In an editorial about the statement, Christopher deFilipi, MD, an associate professor of medicine at the University of Michigan, points to use of these guidelines as "likely (to) improve uniformity of care across centers and minimize testing of limited value. Cohesion of cardiac pre-operative risk assessment and management across centers can't be understated with many transplant candidates seeking listing at multiple centers to potentially improve their chance of transplantation.

"Currently," deFilipi adds, "these patients are often faced with divergent opinions and conflicting requests for pre-operative cardiac testing ranging from no testing to routine coronary angiography."

In a survey of centers participating in the United Network for Organ Sharing, 8 percent of programs reported cardiac testing for all listed candidates, and 18 percent did not order routine cardiac testing for any asymptomatic patient group.

The authors address the need for separate guidelines for kidney and liver transplant patients. Kidney transplant recipients may have more common comorbidities, such as diabetes, than patients with liver failure. Heart disease is a common cause of death among those with end-stage kidney failure, while liver transplant candidates face their own unique problems such as pulmonary hypertension.

The group also advises hospitals to identify a primary cardiology consultant for questions related to potential transplant candidates.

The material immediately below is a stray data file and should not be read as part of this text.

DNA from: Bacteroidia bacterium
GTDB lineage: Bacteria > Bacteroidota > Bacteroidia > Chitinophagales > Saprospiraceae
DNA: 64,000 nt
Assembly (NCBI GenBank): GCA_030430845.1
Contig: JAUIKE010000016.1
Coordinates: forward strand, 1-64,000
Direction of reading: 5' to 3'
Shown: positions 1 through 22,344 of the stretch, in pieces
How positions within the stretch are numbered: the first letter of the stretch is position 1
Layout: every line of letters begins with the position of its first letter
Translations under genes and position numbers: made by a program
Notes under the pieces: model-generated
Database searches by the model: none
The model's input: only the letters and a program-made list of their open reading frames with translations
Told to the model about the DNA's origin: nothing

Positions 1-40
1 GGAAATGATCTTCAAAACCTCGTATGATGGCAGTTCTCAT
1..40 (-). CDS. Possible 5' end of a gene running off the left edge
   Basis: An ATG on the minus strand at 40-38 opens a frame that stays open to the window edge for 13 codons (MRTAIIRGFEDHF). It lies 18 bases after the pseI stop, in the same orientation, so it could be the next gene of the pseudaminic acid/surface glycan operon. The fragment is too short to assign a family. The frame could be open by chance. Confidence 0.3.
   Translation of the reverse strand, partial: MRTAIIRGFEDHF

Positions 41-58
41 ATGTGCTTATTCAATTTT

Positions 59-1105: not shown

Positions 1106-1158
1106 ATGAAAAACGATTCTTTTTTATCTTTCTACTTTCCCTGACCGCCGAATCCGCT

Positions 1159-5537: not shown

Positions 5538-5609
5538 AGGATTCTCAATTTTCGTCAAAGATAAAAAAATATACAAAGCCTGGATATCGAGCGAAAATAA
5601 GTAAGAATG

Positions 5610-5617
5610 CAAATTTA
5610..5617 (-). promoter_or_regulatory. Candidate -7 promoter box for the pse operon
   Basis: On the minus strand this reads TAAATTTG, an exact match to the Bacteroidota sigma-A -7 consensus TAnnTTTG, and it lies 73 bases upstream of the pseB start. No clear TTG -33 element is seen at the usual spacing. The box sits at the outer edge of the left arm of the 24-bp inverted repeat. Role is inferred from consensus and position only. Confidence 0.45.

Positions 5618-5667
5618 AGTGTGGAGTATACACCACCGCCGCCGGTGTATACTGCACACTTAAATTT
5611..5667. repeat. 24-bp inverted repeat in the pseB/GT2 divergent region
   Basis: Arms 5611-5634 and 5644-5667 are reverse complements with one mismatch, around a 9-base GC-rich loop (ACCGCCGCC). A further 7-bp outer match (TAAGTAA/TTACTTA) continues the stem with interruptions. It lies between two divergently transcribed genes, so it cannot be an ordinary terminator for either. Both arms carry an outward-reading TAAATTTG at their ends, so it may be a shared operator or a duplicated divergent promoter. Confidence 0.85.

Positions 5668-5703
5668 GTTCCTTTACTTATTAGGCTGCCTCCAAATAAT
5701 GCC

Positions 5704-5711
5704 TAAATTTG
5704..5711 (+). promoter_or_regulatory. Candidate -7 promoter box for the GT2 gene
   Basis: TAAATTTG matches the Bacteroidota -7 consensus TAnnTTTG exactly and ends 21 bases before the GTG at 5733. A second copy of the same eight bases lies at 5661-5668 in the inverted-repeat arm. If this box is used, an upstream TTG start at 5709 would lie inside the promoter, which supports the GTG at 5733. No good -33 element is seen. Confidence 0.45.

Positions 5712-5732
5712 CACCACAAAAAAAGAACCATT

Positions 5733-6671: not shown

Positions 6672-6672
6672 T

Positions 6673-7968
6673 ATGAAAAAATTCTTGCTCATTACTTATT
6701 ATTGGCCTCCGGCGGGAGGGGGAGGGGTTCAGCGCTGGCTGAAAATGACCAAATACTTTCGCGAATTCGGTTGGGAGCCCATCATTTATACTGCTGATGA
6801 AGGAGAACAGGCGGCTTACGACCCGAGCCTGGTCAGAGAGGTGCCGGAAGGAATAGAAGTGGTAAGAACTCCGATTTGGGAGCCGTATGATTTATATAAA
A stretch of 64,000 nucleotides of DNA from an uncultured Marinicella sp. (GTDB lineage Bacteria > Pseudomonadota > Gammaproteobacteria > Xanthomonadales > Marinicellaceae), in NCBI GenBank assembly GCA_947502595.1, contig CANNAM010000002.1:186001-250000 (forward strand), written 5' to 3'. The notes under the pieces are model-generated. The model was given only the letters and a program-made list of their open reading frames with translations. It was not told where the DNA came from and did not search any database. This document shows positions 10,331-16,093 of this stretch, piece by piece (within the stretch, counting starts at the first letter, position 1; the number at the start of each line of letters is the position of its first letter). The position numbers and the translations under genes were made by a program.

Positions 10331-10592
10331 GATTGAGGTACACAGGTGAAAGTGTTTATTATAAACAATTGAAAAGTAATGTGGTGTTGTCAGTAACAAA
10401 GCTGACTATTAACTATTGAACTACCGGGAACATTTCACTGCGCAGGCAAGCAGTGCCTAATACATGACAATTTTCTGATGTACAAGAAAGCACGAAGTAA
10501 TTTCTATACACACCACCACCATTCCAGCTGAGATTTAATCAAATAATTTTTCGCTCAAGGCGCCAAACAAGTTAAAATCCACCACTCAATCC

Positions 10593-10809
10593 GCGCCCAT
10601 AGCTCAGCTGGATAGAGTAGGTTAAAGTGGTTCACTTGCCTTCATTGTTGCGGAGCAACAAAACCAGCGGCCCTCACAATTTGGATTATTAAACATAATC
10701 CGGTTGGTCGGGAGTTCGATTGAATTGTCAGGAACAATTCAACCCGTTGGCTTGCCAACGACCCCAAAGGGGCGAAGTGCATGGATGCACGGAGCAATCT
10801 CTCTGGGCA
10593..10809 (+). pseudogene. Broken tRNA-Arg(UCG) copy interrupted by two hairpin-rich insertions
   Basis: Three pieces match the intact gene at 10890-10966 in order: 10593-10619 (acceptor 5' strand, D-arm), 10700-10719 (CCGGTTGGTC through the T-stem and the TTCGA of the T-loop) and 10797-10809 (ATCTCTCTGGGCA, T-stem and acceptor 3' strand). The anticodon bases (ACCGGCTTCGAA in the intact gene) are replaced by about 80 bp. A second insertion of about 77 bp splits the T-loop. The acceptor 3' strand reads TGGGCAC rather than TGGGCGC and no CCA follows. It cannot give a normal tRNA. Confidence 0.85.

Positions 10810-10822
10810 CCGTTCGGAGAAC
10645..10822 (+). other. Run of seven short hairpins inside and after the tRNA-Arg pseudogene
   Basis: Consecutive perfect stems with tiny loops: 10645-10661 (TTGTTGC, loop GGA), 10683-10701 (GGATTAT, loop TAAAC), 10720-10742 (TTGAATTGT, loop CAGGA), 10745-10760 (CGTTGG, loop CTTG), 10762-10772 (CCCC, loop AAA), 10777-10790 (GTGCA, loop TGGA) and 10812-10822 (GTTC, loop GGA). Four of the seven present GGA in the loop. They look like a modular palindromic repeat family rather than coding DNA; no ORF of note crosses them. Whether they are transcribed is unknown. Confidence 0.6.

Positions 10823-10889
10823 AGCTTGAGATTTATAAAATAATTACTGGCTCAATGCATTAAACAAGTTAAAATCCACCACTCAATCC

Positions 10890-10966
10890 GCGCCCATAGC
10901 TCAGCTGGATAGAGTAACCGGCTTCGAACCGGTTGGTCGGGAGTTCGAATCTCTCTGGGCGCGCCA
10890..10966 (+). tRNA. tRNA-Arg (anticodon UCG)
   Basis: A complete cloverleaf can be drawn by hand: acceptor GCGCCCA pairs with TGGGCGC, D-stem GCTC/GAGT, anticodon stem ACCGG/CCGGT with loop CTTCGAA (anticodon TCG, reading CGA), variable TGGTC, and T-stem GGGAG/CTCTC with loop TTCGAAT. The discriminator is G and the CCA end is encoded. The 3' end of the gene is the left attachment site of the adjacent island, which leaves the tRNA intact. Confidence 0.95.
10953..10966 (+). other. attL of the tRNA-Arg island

"Overall, we hope this statement will offer a foundation for centers to coordinate and better standardize cardiac evaluation practices before kidney and liver transplantation according to best available evidence," says Eagle, a director of the University of Michigan's Cardiovascular Center. "We hope the document will provide an impetus to advancing the evidence basis for cardiac evaluation and management specifically in the population with end-stage organ failure being considered for transplantation, so that in the end we can reduce cardiac morbidity and mortality in this population and facilitate safe transplant surgery without incurring risks and expense from unnecessary testing."

About Dartmouth-Hitchcock

Dartmouth-Hitchcock is a national leader in patient-centered health care and building a sustainable health system. Founded in 1893, the system includes New Hampshire's only Level 1 trauma center and its only air ambulance service, as well as the Norris Cotton Cancer Center, one of only 40 National Cancer Institute-designated Comprehensive Cancer Centers in the nation, and the Children's Hospital at Dartmouth-Hitchcock, the state's only Children's Hospital Association-approved, comprehensive, full-service children's hospital. As an academic medical center, Dartmouth-Hitchcock provides access to nearly 1,000 primary care doctors and specialists in almost every area of medicine, as well as world-class research at the Audrey and Theodor Geisel School of Medicine at Dartmouth.